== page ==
The role of the dutch business system in effectively implementing lean management

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1. Introduction

1.1 Problem Indication

Nowadays lean management is being implemented in many organizations all over the world. Lean management is about reducing waste as much as possible and about doing things simple and thereby constantly improving those things (Slack, Chambers & Johnston, 2007).

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It has been implemented effectively in many industries and organizations such as Wal-Mart and emergency departments (Dickson, Singh, Sheung, Wyatt & Nugent, 2009; Schonberger, 2007). However, there is also evidence that lean management is often not effectively implemented or even considered as a failure (Schonberger, 2007). Multiple studies have been trying to explain what kind of factors influence the success or failure of implementing lean management in organizations (Bhasin & Burcher, 2006).

For decades authors have argued that organizations and industries are influenced by institutions in their environment (Tempel & Walgenbach, 2007; Scott, 1995). It therefore seems important to have a better understanding of the institutions around us. The term ‘institutions’, however, is very broad. According to North (1991, p. 97) institutions are “the humanly devised constraints that structure political, economic and social interaction. They consist of both informal constraints (sanctions, taboos, customs, traditions, and codes of conduct), and formal rules (constitutions, laws, property rights)”. Practical examples of institutions are the educational and the financial system. Formal institutions are easier to identify and to discern than informal institutions. In this study the focus will be on formal institutions, thereby limiting the field of investigation.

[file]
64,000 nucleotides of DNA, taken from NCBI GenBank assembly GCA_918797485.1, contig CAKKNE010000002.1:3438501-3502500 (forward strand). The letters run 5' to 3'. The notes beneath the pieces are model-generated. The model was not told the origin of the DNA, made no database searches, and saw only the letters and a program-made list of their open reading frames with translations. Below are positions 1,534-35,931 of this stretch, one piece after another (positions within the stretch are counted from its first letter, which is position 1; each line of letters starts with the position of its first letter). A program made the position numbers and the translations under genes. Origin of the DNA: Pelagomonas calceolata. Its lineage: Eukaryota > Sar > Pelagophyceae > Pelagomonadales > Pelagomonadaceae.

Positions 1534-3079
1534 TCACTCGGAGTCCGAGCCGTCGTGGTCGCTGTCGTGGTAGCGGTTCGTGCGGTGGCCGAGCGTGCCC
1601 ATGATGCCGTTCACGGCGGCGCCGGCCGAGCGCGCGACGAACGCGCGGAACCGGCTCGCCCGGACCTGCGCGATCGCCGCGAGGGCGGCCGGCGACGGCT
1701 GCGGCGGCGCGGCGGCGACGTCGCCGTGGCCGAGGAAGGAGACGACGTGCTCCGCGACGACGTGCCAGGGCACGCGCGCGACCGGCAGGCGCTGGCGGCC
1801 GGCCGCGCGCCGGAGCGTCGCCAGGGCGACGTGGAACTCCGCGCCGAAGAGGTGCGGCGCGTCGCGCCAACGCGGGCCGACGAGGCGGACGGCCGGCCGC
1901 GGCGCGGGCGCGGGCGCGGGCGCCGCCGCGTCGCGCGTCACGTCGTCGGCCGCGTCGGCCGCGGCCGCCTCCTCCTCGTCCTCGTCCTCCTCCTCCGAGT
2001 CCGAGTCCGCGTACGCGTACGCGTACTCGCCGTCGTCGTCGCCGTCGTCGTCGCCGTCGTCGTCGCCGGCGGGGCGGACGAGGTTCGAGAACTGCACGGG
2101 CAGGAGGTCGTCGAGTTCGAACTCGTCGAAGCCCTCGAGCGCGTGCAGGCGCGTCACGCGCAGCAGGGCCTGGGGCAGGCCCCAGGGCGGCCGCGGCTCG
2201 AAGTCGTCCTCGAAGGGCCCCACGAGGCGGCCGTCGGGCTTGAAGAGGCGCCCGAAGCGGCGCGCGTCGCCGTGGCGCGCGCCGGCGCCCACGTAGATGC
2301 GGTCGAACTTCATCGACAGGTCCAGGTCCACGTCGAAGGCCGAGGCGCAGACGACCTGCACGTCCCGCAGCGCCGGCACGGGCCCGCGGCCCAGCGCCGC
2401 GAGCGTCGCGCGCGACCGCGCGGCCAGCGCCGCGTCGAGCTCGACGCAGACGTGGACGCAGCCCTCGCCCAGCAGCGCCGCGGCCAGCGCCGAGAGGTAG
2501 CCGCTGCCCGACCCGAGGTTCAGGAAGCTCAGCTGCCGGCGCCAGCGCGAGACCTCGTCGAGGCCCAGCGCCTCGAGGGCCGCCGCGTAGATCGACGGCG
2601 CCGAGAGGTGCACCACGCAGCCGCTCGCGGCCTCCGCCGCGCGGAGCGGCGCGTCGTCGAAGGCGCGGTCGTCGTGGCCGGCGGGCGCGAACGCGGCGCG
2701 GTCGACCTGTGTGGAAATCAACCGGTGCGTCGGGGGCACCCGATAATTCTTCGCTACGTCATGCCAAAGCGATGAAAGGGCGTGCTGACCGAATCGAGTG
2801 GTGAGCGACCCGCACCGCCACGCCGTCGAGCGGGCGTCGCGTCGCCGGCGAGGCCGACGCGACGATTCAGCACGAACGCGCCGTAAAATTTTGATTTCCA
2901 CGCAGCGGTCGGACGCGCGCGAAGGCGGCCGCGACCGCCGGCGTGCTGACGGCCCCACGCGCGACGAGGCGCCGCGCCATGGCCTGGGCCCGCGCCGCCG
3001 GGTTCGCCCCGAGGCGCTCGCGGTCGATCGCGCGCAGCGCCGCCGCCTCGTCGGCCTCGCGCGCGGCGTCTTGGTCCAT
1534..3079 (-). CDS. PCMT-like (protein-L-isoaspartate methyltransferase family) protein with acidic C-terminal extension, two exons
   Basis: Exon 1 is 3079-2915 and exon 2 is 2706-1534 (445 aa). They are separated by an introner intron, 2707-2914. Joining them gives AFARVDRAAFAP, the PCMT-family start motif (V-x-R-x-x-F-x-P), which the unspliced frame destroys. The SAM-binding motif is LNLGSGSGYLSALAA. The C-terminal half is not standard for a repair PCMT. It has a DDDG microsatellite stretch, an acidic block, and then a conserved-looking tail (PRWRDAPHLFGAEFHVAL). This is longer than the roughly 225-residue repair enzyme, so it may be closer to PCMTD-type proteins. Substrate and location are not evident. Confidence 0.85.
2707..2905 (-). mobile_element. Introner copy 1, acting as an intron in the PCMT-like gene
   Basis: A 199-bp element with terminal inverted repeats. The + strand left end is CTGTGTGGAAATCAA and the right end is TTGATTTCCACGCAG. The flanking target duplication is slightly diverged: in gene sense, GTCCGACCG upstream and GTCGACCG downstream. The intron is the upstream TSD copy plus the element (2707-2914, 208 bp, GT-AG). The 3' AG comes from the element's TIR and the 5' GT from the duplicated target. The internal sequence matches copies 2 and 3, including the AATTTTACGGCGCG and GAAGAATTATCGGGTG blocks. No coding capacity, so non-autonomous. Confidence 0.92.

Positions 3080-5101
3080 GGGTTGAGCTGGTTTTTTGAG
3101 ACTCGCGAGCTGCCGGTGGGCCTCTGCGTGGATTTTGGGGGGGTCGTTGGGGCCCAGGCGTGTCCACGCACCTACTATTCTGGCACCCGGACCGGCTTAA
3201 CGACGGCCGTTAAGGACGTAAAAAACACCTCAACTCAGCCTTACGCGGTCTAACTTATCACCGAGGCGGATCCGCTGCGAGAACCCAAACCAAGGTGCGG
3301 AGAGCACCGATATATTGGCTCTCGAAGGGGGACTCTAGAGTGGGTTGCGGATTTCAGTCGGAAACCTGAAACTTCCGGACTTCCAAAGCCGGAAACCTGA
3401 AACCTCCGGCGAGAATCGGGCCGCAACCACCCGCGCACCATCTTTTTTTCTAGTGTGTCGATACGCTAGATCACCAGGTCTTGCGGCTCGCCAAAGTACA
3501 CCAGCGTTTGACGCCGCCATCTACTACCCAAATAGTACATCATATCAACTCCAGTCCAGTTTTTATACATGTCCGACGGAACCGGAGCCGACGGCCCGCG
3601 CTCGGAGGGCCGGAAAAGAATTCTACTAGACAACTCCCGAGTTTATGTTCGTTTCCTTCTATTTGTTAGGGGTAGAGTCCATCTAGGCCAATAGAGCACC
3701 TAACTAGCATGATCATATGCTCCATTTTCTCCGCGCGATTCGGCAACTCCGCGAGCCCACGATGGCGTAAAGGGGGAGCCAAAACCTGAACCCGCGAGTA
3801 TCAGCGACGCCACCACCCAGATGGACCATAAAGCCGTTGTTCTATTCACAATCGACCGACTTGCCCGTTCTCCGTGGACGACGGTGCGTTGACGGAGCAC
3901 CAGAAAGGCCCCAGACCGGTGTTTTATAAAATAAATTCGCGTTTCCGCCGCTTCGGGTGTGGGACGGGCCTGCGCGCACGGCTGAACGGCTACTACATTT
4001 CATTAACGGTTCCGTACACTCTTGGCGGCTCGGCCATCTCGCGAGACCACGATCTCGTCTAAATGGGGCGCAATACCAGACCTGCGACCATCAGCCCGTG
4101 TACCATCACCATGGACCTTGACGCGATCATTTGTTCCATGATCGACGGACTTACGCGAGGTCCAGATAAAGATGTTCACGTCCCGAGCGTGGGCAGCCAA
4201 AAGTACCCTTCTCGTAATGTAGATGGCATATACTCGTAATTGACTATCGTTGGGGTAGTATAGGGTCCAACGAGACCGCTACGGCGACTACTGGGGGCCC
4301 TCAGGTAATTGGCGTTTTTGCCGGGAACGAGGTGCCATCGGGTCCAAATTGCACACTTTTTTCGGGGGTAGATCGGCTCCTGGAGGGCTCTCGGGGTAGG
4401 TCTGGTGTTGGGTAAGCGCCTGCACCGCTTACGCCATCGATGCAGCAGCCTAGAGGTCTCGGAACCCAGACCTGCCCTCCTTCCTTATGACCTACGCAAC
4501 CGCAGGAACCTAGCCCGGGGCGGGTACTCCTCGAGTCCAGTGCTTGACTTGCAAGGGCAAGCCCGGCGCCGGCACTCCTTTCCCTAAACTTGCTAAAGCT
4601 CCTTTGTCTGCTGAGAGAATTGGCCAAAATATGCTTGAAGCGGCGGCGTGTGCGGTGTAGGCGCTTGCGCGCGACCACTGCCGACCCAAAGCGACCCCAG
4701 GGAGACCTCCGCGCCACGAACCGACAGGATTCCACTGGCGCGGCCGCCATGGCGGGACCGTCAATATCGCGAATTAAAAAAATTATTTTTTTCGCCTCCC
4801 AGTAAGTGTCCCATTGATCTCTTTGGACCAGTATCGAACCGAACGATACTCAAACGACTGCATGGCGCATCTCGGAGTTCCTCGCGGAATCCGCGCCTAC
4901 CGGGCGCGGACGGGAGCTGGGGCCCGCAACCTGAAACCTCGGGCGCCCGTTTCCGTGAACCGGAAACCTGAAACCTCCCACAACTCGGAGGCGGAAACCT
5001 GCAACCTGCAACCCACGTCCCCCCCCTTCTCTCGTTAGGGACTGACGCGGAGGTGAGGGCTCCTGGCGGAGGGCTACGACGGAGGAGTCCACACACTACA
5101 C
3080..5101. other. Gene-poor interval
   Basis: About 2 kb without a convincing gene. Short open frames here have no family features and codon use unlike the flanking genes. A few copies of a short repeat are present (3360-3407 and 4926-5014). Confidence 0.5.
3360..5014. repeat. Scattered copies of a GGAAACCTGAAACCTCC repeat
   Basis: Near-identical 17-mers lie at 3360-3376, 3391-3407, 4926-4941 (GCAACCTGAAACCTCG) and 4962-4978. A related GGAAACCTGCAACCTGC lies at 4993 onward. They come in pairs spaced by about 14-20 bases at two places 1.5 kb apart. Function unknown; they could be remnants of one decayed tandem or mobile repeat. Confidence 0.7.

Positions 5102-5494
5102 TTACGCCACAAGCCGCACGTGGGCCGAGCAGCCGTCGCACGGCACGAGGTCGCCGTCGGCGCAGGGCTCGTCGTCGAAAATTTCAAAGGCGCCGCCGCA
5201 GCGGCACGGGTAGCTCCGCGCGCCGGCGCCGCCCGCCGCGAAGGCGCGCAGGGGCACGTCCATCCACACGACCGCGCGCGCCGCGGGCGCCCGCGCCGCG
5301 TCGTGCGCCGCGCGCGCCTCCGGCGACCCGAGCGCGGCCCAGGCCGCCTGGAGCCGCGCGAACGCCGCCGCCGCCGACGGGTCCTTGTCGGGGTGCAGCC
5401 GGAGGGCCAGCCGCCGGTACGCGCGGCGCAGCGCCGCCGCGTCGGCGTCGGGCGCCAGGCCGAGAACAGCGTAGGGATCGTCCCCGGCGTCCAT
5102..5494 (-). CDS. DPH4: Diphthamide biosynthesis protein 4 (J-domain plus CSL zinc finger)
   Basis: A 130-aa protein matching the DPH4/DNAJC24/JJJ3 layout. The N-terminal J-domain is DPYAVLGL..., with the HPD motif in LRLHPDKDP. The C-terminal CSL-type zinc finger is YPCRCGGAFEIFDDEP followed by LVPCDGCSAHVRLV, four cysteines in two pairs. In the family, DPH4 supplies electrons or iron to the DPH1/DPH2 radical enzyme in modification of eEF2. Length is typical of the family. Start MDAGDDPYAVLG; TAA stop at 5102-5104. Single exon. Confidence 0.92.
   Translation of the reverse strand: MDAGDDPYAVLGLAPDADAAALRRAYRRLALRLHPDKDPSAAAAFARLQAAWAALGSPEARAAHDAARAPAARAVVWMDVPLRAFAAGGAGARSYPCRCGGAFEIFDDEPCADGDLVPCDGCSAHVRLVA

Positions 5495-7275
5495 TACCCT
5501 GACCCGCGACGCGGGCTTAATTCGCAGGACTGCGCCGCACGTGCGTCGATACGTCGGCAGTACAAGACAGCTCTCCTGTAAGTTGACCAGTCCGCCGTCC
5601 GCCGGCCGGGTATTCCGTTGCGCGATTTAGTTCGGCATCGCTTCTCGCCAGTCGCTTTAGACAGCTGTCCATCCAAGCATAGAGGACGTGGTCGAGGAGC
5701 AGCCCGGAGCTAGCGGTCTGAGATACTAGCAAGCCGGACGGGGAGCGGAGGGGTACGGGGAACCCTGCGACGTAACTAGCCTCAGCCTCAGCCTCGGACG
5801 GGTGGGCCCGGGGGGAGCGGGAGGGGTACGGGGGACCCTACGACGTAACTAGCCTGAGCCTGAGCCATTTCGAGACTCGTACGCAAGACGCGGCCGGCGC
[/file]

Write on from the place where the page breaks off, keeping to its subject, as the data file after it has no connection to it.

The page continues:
Furthermore, this study follows the business systems approach developed by Whitley (1992b). According to this approach, business systems are explained by institutions. A business system is seen as “particular ways of organizing, controlling and directing business enterprises that become established as the dominant forms of business organization in different societies” (Whitley, 1992b, p. 125). In other words, the characteristics of a business system show how the economy is organized. According to Whitley (1992a) nations have a highly significant influence on their domestic institutions, because “state actions determine the effectiveness and role of formal institutions in governing many important aspects of economic coordination” (Whitley, 1999, p. 44).Therefore business systems are situated at the national level and this is also the reason why they are different among nations. A practical example of a business system is the compartmentalized business system, to which e.g. the U.S.A. belongs. It is characterized by a highly mobile workforce, shareholder control, well-developed capital markets, and an unregulated labor market. This is very different from the business system in the Netherlands, but its characteristics will be discussed later. It should be stated that some characteristics of the Dutch business system are quite similar to the characteristics of other business systems such as the German. Furthermore, this study recognizes that institutions are sometimes not situated at the level of the nation because e.g.

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